Learning Music Production: 7 Steps to Get You Started

music production

Music is a universal genre of art that goes beyond ethnic, national, racial and religious lines and the presence of global music platforms like SoundCloud, Spotify and YouTube has added to the popularity. For the most part, people have always been enamored by singers or rappers, AKA the faces of music at the expense of producers, AKA the faces behind the music. Nonetheless, producers like Kanye West, DeadMau5, Skrillex, and Diplo have captured the fans’ attention over the last decade. As a result, music production is now viewed almost in the same glamorous lens as music composition and recording.

If you are looking to have a music production career, here are 7 steps to get you started:

Decide What You Want

When the younger generation talk of music production, what they have on their minds is beat-making. However, making beats is just one aspect of music production. See, beatmakers just make beats and go while producers have a say in the whole process of composing, arranging, recording, performing and releasing a song or a musical project. As such, it is important to be clear on what you want to pursue before putting time and energy into learning how to be a producer. Do you want to make beats and help write songs like Boi-1da or do you want to be the overall boss in production in the style of Dr. Dre?

Research What You Need to Hack Music Production

You can only learn music production by actually doing it. Before you even get to the more business side of the job, you need to learn the basic technical skills such as track composition, mixing, and mastering. While there’s a lot to learn from the Internet, practical knowledge goes a long way. So, use good ol’ Google to get a list of the things you need for your specific line of specialization, whether it’s a home studio, digital audio workstation or different musical instruments. When you have an idea of what’s needed, you will be able to direct your resources towards it and make the learning process easier and faster.

Familiarize Yourself with Common Software and Tools

You need to have an understanding of some of the most commonly used music production software such as FL Studio and Pro Tools to stay competitive. Notably, these tools make up part of a typical Digital Audio Workstation (DAW) which further includes an input device and a sound card or audio interface. While the best DAW’s are relatively expensive, they enable you to create a higher quality sound, so consider it an investment. Also, buy a good quality stereo receiver by reading a bunch of online stereo receiver reviews.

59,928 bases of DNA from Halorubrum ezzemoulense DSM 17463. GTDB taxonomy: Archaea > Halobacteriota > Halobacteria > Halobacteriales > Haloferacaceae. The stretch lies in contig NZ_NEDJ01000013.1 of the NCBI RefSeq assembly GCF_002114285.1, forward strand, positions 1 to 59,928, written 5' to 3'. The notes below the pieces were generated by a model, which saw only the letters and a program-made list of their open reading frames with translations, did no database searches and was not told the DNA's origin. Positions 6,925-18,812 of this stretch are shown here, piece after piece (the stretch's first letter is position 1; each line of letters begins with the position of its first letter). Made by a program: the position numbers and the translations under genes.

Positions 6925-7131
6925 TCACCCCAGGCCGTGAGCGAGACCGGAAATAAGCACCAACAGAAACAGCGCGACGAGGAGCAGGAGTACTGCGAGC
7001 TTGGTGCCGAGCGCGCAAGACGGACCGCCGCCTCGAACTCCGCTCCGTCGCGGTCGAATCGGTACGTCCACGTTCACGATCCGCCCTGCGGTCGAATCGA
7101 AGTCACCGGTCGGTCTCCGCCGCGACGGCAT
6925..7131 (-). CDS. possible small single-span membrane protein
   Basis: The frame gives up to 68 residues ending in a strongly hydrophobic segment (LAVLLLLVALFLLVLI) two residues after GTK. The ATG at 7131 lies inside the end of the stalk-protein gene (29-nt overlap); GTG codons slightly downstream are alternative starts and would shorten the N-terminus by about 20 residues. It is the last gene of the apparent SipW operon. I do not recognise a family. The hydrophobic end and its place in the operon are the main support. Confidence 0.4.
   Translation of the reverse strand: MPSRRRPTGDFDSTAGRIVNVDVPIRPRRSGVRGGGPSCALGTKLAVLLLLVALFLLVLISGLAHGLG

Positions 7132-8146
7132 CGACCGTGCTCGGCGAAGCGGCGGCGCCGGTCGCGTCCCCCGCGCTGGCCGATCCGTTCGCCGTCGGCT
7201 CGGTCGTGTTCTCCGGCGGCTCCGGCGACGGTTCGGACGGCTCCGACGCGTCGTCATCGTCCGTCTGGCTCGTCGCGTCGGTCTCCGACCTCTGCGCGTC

Learn How to Write a Decent Song

Songwriting skills are vital to having a successful music production career. Knowing how to come up with good melodies, harmonies, and rhythms will make you a better producer. Most importantly, learn how to write lyrics that not only make sense when read out loud, but that also sound great musically. It’s hard to write good songs while you don’t have the inborn talent, but you can always polish up your skills from looking at online music production tutorials.

Practice Your Craft

Once you get a good DAW, it’s time to put in work towards getting better at your craft. Dedicate a few hours a day to writing and composing music and set realistic challenges for yourself along the way. Read articles and tutorials, watch videos, etc. – anything to make you a better producer.

Enroll in a Music School to Learn Music Production

This is a no-brainer. Music production school teaches you essential music production tips that you may not find on the Internet and gives you more exposure. You will also get to build connections with other producers and artists and maybe get to intern at big music production companies.

Get the Business Part Right

As opposed to musicians and DJs, producers are almost always the ones taking care of the business side of musical projects. Producers take part in negotiations with different people that are involved in a project and further provide creative direction. So, get out of your house and build connections within your local music community. Familiarize yourself with musicians, dancers, engineers, and promoters as you might need them later.


Well, learning music production is now quite within reach for many as compared to some just a decade ago. If this is what you’re passionate about, then by all means go ahead and learn – you could just be the next big thing in the industry!


F. Burton is a journalist, music lover, and a creative writer who always tries to find something new in writing techniques. He also works as an independent reviewer at BestTechExpert.

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